ALEXANDRIA – Leaders of the Virginia State Bar appear split over the ethical boundaries of talking with your adversary’s employees. Dissenters are pressing for a rule that would bar any contact with employees of a litigation opponent. An existing rule limits the prohibition to just the “control group” of an organization.
The VSB Council voted 41-22 last month to recommend a legal ethics opinion with a narrow construction of what’s termed the “no-contact rule” governing lawyers’ communications with unrepresented employees of a party.
Proposed LEO 1890 – a compendium of prior guidance on Rule 4.2 of the Rules of Professional Conduct – was billed as no more than a helpful summary of existing law. But Bar Council members William Moffet of Abingdon and Dabney Carr of Richmond argued the LEO would perpetuate a flawed policy that allows lawyers to dig for information from employees of a litigation target without notice to the target’s lawyers.
Moffet cited a hypothetical involving a retained surgical sponge claim. The plaintiff’s lawyer learns the names of the nurses involved in the sponge count and interviews them without telling the hospital’s lawyers.
Most lawyers and most lay people would be “surprised and shocked” to learn that practice is proper under Virginia ethics rules, Moffet said. He said it would be a violation in 44 other states that follow a broader rule advanced by the American Bar Association.
“It’s an issue that has come up in cases I’ve handled in the past,” Moffet said.
At the Oct. 25 meeting of Bar Council in Alexandria, Moffet urged that the proposed compendium LEO on Rule 4.2 be sent back to the VSB Ethics Committee for reconsideration of the employee contact guidance.
“I believe Virginia is on the wrong side of this issue,” Moffet told fellow council members. “I believe it is more important that we get it right than we get it done sooner,” he said. He warned the proposed LEO could be used “by people who carry on conduct which I believe is not professional and not ethical.”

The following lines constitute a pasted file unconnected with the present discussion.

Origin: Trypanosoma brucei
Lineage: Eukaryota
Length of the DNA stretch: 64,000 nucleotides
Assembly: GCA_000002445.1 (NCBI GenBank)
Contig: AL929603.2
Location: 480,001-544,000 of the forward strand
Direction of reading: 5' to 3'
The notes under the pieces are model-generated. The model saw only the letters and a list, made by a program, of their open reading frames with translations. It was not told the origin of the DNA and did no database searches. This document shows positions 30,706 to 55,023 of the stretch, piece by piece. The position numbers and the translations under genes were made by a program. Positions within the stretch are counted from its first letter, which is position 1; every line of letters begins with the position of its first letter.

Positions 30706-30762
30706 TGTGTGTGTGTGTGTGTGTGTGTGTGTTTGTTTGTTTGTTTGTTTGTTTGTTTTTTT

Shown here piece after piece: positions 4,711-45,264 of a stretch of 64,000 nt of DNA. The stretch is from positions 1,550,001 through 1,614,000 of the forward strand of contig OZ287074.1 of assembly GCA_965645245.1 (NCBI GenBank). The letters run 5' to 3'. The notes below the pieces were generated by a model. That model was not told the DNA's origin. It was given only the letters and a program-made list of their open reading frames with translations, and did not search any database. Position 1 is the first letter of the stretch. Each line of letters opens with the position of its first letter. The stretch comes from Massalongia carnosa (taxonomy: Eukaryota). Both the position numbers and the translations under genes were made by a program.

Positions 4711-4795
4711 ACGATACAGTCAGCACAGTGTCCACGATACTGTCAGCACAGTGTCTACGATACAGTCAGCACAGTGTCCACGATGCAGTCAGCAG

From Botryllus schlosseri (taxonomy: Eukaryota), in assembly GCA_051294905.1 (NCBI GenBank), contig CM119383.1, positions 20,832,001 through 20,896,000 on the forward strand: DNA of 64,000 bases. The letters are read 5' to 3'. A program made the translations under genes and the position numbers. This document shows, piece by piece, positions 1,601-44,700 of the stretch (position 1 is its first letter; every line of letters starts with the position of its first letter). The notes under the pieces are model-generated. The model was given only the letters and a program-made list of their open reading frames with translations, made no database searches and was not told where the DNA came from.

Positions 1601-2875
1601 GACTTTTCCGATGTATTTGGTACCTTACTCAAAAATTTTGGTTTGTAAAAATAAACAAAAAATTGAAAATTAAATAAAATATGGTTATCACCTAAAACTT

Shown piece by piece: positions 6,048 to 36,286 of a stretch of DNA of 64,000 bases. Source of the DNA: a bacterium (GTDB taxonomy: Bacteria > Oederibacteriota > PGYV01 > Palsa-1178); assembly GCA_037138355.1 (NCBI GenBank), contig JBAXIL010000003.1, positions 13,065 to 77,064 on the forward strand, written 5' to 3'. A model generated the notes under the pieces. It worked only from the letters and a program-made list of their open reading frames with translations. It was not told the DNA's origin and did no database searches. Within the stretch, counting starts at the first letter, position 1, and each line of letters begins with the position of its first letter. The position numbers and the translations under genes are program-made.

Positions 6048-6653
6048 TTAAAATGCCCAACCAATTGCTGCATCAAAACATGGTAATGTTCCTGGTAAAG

Moffet said he was not speaking for the Virginia Association of Defense Attorneys. The Virginia Trial Lawyers Association is not involved in the issue, according to VTLA president-elect Elliott Buckner.
Carr joined Moffet to request committee reconsideration, but the Council voted 41-22 to approve the LEO. Later, the Council voted without opposition to request a closer look at the employee contact issue by the VSB Ethics Committee.
“We’d be happy to look into it,” said committee chair Dennis Quinn.
Overall, proposed LEO 1890 addresses 14 scenarios arising under Rule 4.2 – the no-contact rule – and seeks to explain the application of the rule to the most common issues that arise.
Talking with government officials
The Bar Council also was divided on the companion LEO 1891 which would authorize a lawyer’s communication with a represented government official for the purpose of addressing a policy issue within the purview of that official.
The LEO outlines an exception to the no-contact rule in recognition of the constitutional and statutory rights of citizens to access government and petition for the redress of grievances.
The governmental no-contact LEO was approved by a vote of 53-8, with five abstentions.
Other rule tweaks
The Bar Council unanimously approved changes to simplify and clarify Virginia’s trust account recordkeeping requirements in Rule 1.15.
The change was suggested by a bar investigator who said he met with attorneys confounded by the archaic terminology of the existing rule, explained ethics chair Quinn.
“It’s just so confusing,” the investigator said, summing up the reaction of lawyers entangled in bookkeeping trouble.
The proposed amendments remove the term “cash” and clarify that a check register can be used as the required journal, as long as it includes the necessary information, according to a VSB summary. The proposal would ditch the term “subsidiary ledger” and clarify that only a separate record or ledger page is required for each client. The LEOs and proposed rule changes go the Supreme Court of Virginia for final decision.
Also adopted without dissent at the Bar Council meeting were changes to the rules for the Clients’ Protection Fund.
Updated to reflect that the CPF rule changes are adopted and do not require Supreme Court approval.